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Q&A: Managing mental health during a pandemic and how tech can help

Q&A: Managing mental health during a pandemic and how tech can help

Ian Bolland asked Daniel Mansson, clinical psychologist and co-founder of Flow Neuroscience, and Farina Schurzfeld co-founder of digital mental health player Selfapy for their thoughts on how to keep mentally well during the Coronavirus pandemic, and how technology can be of use.

Ian also highlights an app that is freely available through the NHS, developed with the aim of helping the user manage their mental health.  

What effects can self-isolation have on mental health?

DM: We are all different and some people might even enjoy finally being able to stay at home and read/play video games, or whatever interest you might have. But, in general, self-isolation is difficult for many people, primarily because you cannot meet your co-workers, friends and even family. People that you know and like often have a reassuring and calming effect on you, and in a crisis like this it is not possible to get this other than on the phone or online. Anxiety and stress may rise in some people. 

FS: Self-Isolation can affect our mental health in several ways. Every human needs social interaction to a certain extent. With self-isolation, many people, especially those who are living in a single household, will have little to no opportunities to meet other people in person. This could lead to feelings of loneliness, negative emotions and anxiety. Often feeling “alone” and feeling “lonely” feel the same way and thus are associated with negative emotions.

What would you recommend for people who have to stay indoors during the coronavirus pandemic do in order to stay mentally healthy?

FS: Staying mentally healthy can be a challenge during that pandemic. People should follow three tips in order to avoid examples of feelings of stress and mental burden.

  1. Keep your daily routines. Get up before 10am, have a coffee and start the day on time. Make time for lunch, work and whatever else needs to be done.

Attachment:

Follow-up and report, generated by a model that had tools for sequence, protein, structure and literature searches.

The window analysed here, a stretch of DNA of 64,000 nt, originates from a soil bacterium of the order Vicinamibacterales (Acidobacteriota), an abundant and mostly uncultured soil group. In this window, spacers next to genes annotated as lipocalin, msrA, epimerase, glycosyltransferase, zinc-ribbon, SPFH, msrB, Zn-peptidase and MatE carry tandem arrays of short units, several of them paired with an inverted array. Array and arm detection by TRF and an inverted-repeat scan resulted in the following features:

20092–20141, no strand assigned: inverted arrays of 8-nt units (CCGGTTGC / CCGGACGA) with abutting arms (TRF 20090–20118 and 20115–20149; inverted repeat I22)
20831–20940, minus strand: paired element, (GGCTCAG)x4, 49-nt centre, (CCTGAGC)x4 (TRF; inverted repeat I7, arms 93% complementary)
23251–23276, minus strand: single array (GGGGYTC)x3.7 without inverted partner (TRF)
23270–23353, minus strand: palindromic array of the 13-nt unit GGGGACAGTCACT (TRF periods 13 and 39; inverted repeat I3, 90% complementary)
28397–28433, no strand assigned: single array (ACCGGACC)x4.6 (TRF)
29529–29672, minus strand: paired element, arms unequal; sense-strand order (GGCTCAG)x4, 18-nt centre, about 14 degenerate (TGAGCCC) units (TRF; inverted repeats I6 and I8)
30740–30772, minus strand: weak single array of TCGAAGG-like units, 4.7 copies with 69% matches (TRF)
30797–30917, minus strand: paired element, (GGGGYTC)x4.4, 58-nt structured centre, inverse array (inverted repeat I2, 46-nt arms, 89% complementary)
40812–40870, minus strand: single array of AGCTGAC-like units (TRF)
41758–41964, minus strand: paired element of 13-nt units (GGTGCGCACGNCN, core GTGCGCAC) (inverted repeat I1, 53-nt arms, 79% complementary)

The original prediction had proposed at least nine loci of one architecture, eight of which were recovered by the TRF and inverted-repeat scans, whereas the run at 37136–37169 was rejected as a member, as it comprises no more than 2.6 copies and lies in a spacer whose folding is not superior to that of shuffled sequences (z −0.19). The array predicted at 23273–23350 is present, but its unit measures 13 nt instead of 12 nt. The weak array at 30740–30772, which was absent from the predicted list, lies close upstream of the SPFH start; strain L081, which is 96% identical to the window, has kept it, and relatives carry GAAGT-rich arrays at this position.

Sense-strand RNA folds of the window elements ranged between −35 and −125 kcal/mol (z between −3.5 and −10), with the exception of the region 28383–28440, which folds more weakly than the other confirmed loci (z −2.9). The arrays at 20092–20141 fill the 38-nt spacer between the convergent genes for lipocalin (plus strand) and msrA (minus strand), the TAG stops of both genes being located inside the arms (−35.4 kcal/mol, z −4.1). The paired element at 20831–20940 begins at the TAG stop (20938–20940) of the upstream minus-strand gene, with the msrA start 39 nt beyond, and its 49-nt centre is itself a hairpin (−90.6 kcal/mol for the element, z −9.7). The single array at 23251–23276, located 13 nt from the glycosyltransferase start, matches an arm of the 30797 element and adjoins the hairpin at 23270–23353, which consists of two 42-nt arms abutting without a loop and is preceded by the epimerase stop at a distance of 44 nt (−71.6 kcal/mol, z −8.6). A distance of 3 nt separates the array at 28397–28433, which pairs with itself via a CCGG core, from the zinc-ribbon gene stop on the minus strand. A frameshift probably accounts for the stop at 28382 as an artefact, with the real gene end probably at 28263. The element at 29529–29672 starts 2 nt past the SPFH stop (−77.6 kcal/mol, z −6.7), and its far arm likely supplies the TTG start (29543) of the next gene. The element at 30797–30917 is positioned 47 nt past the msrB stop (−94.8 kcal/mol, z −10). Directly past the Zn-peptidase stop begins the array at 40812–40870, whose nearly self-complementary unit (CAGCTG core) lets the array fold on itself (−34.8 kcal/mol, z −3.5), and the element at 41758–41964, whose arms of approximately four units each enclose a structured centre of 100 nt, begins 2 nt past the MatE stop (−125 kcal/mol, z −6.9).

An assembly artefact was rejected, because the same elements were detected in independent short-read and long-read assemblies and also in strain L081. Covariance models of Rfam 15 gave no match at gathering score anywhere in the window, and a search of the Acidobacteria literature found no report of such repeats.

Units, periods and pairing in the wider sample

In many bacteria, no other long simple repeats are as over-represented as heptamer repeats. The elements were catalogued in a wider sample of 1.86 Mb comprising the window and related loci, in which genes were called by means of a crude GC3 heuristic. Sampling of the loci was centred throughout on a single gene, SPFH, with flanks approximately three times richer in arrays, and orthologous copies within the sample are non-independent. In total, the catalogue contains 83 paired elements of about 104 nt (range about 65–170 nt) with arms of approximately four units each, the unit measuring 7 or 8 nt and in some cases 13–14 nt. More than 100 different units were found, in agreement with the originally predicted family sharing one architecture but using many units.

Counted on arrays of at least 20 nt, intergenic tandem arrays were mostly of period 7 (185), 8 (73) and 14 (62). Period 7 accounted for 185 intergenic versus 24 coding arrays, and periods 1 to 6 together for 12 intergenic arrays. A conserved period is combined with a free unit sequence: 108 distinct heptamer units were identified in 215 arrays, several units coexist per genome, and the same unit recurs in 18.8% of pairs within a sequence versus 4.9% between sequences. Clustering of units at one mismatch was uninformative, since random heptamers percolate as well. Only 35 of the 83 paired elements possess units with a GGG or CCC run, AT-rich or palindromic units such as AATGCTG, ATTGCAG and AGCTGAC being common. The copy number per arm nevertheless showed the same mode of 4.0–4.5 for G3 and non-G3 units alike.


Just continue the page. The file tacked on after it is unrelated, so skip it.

2. Stay active and build in exercise into those routines. Even a walk around the block (on your own!) or a little yoga session can do its magic and release some endorphins to keep you in check.
  3. Be mindful with your news consumption. Don’t spend hours consuming media about COVID-19 but pick one scientifically reliable source and browse it once or twice a day as too much media consumption can fuel feelings of anxiety. 

DM: One effective way to keep anxiety and stress manageable is to give the brain the best possible ability to handle a stress response. We know from several larger studies that you can do this by having a routine of exercise, eating nutritious food and having a stable sleeping pattern.

  • Eat nutritiously: Traditional Mediterranean food, sometimes referred to as the ‘anti-depression diet’, for its anti-oxidant and anti-inflammatory properties, includes whole grains, vegetables (particularly green leaves), fruit, berries, nuts (including almonds), seeds and olive oil. The Flow app can offer you a comprehensive understanding on how to eat in order to reduce depression.
  • Exercise: With possibly months of the coronavirus pandemic ahead, it is important to keep exercising. Clinical studies show that regular exercise produces chemicals, such as dopamine and serotonin, which are as effective as antidepressant medication or psychotherapy for treating milder depression. Most people will not have access to a gym during the crisis, so it is important to create a daily exercise routine at home. Experts recommend between 30–40 minutes of exercise, three to four times a week to work up a sweat. People with depression often struggle with exercise, so start small with a 10-minute walk, then add a few minutes daily.
  • Sleep: 90% of depressed people struggle with sleep, which is likely to increase with fears over coronavirus. Good quality sleep is a form of overnight therapy, and increases the chance of handling strong emotions. Try to wake up and go to bed at the same time every day. Achieving eight hours of sleep, taking a hot bath, setting the bedroom temperature to 18 degrees and having no screen time two hours before bedtime will also help.

Do conventional techniques such as CBT help people during this time?